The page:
For people who are otherwise healthy, chances are the COVID-19 may not lead to serious complications. However, for older adults and people with IBD, diabetes, heart disease, lung disease, or other serious conditions, there could be a risk of complications. For people in these groups, the Centers for Disease Control and Prevention (CDC) has put together some guidance on how to handle travel and medications, and what to do if you become sick.
Unverified reports about the symptoms of COVID-19 are circulating around social media and elsewhere. Verywell Health has put together extensive and helpful information comparing the symptoms of COVID-19 and the flu. This page takes the latest information from research coming out of China into account, which many other sources are not reporting.
Schools across the country are closing and it is presenting new challenges for children, parents, educators, and extended family. This article from Verywell Health gives several tips on how to talk to your children about COVID-19, including the facts that will be most important for them to understand in order to calm their fears.
Even if you are not overly worried about yourself or close family members, the disruption in everyday routines is going to cause stress. We can not get rid of our stress altogether, so it is important to manage it and this article draws on past outbreaks and pandemics to put the current situation into perspective.
COVID-19 Information for Clinicians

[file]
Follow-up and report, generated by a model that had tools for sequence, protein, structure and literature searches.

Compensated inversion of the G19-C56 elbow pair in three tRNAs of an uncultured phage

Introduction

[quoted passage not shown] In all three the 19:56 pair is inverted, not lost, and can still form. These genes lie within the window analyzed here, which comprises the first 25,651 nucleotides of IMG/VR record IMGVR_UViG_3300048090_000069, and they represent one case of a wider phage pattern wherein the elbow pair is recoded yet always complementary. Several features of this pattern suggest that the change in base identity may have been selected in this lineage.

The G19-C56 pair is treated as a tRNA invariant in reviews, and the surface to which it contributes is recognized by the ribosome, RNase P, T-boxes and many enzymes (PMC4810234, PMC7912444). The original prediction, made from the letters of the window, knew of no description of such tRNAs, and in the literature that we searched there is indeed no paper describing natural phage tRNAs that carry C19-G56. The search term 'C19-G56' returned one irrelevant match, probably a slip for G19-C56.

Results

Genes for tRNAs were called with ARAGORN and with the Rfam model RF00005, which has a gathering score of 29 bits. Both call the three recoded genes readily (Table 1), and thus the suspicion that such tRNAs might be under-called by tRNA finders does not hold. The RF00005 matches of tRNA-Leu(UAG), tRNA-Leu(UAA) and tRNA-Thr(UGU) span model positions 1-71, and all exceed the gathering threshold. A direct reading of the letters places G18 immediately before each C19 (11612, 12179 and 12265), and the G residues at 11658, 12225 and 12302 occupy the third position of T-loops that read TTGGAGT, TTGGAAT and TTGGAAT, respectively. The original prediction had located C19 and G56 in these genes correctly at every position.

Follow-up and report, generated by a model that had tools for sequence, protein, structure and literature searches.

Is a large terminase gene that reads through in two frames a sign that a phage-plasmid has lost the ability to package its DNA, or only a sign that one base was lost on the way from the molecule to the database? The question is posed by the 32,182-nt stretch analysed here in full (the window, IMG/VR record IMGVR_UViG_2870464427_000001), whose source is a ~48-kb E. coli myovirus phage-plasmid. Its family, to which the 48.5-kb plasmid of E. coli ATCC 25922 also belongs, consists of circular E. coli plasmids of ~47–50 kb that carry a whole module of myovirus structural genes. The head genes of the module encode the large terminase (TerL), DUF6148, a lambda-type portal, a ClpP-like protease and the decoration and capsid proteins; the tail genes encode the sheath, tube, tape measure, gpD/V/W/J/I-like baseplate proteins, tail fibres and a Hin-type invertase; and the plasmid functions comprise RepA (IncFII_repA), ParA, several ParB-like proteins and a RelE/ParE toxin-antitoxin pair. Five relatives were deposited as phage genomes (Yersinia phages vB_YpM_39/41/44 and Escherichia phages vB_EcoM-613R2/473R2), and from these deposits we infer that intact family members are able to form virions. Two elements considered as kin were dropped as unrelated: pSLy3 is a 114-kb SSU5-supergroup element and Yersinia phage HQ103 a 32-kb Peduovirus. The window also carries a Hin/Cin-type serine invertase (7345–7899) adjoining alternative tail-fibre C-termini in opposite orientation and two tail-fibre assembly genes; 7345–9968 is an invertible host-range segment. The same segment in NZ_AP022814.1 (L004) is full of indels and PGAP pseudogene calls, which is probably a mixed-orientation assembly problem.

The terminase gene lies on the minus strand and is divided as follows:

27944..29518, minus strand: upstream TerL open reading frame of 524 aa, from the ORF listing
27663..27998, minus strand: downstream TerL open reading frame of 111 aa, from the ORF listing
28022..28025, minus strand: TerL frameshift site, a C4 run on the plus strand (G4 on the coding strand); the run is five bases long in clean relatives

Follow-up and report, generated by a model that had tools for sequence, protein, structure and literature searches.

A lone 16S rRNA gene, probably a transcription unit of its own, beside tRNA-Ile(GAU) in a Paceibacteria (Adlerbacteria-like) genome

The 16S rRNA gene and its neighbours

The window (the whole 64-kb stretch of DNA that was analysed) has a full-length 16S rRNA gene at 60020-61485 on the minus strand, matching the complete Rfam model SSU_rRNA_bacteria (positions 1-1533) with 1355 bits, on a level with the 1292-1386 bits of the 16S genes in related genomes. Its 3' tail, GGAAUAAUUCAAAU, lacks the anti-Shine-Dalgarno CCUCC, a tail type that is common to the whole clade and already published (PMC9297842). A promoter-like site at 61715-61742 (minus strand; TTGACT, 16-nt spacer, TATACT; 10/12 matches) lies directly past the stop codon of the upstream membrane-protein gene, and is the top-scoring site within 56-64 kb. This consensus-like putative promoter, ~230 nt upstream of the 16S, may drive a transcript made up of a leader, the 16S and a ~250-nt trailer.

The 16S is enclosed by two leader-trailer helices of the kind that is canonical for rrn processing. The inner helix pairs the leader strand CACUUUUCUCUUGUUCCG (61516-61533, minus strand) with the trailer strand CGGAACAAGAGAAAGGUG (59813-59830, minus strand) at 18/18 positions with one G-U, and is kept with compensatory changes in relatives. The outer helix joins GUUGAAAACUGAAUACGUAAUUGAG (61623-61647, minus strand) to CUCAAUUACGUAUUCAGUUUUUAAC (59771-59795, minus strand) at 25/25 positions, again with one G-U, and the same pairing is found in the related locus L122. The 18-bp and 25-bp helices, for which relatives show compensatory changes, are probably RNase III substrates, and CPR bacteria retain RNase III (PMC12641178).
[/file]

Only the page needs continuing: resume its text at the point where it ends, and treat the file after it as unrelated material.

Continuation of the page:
Joint GI Society Message
In a show of solidarity, the American Gastroenterological Association (AGA), the American Association for the Study of Liver Disease (AASLD), the American College of Gastroenterology (ACG), and the American Society for Gastrointestinal Endoscopy (ASGE) have issued guidelines for care providers. The advice to give to patients includes this: “Patients on immunosuppressive drugs for IBD and autoimmune hepatitis should continue taking their medications. The risk of disease flare outweighs the chance of contracting coronavirus. These patients should also follow CDC guidelines for at-risk groups by avoiding crowds and limiting travel.”
Crohn’s and Colitis Foundation
Information for healthcare providers about being proactive regarding coronavirus (COVID-19) and IBD-specific recommendations. This also includes links to recent journal publications (some of which are also included below).
COVID-19 European Crohn’s and Colitis Organization Taskforce
Information for clinicians on how to manage a variety of obstacles during the COVID-19 pandemic, including answers to questions about switching therapies, isolation in IBD patients, and initiating therapy for a flare-up.
Research about COVID-19 and Digestive Disease
Journal Article: Implications of COVID-19 for patients with pre-existing digestive diseases
The Lancet Gastroenterology and Hepatology
Editor’s Summary: There is not good evidence about how COVID-19 might affect people with IBD or other digestive conditions. This study seeks to shed some light on what gastroenterologists might see if their patients become infected. The authors note that one study shows that people who live with chronic illness are more likely to have poorer outcomes after becoming ill with COVID-19. Of 1099 people diagnosed with COVID-19 included in this study, 23% had one other type of illness, and some of those included hypertension, diabetes coronary heart disease, and hepatitis B. These patients had blood tests that showed abnormal liver function levels and that severe cases of COVID-19 were more likely to have liver abnormalities. Patients who had cancer and COVID-19 were also more likely to have complications (this includes colorectal cancer).